before

meet Jean

Country: Madagascar, Africa
Age: 4
Surgery: Orthopedic

a father’s love and worry

Jean’s father, Theodore, is a rice farmer and the cost of surgery to heal his son was more than he made in an entire year. He worried about Jean’s isolation and eventually saved up just enough to buy Jean a small keyboard piano in a local market.

The instrument became Jean’s only solace and he would spend hours making the best music he could. To his parents, Jean’s music was the most beautiful music in the world—but they still had little hope that he would be healed.

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embracing hope at last

When the village heard that Mercy Ships was coming, many doubted that such a miracle could be true. But Theodore embraced hope. “If it’s on the national radio, it must be true,” he said.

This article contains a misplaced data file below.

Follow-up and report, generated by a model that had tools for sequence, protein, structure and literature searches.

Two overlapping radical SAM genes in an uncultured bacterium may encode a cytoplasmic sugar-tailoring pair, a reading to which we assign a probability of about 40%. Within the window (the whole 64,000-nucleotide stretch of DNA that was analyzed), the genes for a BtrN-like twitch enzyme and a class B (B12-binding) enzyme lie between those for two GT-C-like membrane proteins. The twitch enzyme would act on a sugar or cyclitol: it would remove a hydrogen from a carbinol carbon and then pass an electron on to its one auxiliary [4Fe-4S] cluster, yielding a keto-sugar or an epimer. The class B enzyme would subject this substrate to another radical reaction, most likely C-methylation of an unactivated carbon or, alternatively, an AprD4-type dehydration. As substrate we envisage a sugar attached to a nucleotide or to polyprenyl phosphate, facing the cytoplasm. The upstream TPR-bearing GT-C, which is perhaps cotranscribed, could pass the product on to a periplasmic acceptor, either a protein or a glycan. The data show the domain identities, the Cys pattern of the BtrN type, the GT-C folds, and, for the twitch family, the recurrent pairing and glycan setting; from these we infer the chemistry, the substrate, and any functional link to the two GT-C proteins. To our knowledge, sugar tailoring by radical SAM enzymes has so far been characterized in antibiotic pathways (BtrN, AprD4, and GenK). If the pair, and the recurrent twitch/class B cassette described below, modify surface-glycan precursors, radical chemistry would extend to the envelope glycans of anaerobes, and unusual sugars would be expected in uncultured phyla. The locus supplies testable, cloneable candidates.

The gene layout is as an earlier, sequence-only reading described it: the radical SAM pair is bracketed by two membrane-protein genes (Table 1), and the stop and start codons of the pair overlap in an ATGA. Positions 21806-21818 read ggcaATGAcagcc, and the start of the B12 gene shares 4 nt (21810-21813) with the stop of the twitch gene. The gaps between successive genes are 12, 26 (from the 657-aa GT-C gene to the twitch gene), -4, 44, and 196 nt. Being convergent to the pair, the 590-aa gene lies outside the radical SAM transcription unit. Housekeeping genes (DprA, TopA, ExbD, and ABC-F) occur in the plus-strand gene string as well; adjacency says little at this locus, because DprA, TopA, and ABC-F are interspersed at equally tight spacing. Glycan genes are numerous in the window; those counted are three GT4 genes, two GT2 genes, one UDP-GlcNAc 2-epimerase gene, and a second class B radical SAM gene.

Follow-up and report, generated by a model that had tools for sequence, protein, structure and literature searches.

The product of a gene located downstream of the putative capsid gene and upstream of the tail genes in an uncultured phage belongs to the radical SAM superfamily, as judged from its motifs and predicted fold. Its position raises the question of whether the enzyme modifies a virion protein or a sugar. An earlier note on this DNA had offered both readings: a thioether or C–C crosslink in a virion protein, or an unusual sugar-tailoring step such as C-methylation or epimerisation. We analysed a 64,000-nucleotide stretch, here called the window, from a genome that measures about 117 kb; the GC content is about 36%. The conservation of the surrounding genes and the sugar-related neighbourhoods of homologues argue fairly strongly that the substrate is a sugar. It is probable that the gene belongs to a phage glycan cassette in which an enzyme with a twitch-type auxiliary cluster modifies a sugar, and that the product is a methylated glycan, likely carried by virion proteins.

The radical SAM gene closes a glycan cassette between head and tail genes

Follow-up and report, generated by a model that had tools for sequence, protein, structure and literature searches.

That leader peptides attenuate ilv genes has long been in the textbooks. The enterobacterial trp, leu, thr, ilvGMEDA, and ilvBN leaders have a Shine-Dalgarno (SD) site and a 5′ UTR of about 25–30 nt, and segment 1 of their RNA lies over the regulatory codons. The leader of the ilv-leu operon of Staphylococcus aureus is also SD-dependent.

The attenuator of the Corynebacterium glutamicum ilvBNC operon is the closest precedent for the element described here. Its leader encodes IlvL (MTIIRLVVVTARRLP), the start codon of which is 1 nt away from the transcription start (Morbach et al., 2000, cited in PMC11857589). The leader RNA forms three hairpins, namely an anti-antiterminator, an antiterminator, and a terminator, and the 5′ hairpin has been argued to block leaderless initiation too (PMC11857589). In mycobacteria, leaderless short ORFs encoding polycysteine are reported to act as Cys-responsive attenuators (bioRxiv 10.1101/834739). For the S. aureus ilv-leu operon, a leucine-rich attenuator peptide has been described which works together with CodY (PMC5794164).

Theodore made sure Jean was among the first to line up for screening. There, Jean was given a yellow patient card and was approved for surgery. When a team of highly trained orthopedic surgeons arrived on the Africa Mercy, Jean underwent a five-hour procedure to straighten his O-shaped legs.

Six weeks later, his casts were removed and he walked normally for the first time. For three months, he received extensive physical therapy and rehab at the Mercy Ships HOPE Center. The compassion and kindness of the Mercy Ships crew gave Jean a new future. “It has not been easy up until now,” says Theodore,” but we have been shown a lot of kindness here.”

Cyriane can’t stop smiling

As a very small child, Cyriane had one big wish—to wear shoes like her older sister. But it was impossible.

You see, Cyriane was born into poverty in Madagascar with severely clubbed feet that were turned completely inward. Trying to learn to walk was heartbreaking for Cyriane’s mother, Emiliana, who couldn’t afford surgery for her sweet little girl.

“I was sad because all the other children [in our village] have normal feet, but not my daughter,” Emiliana said.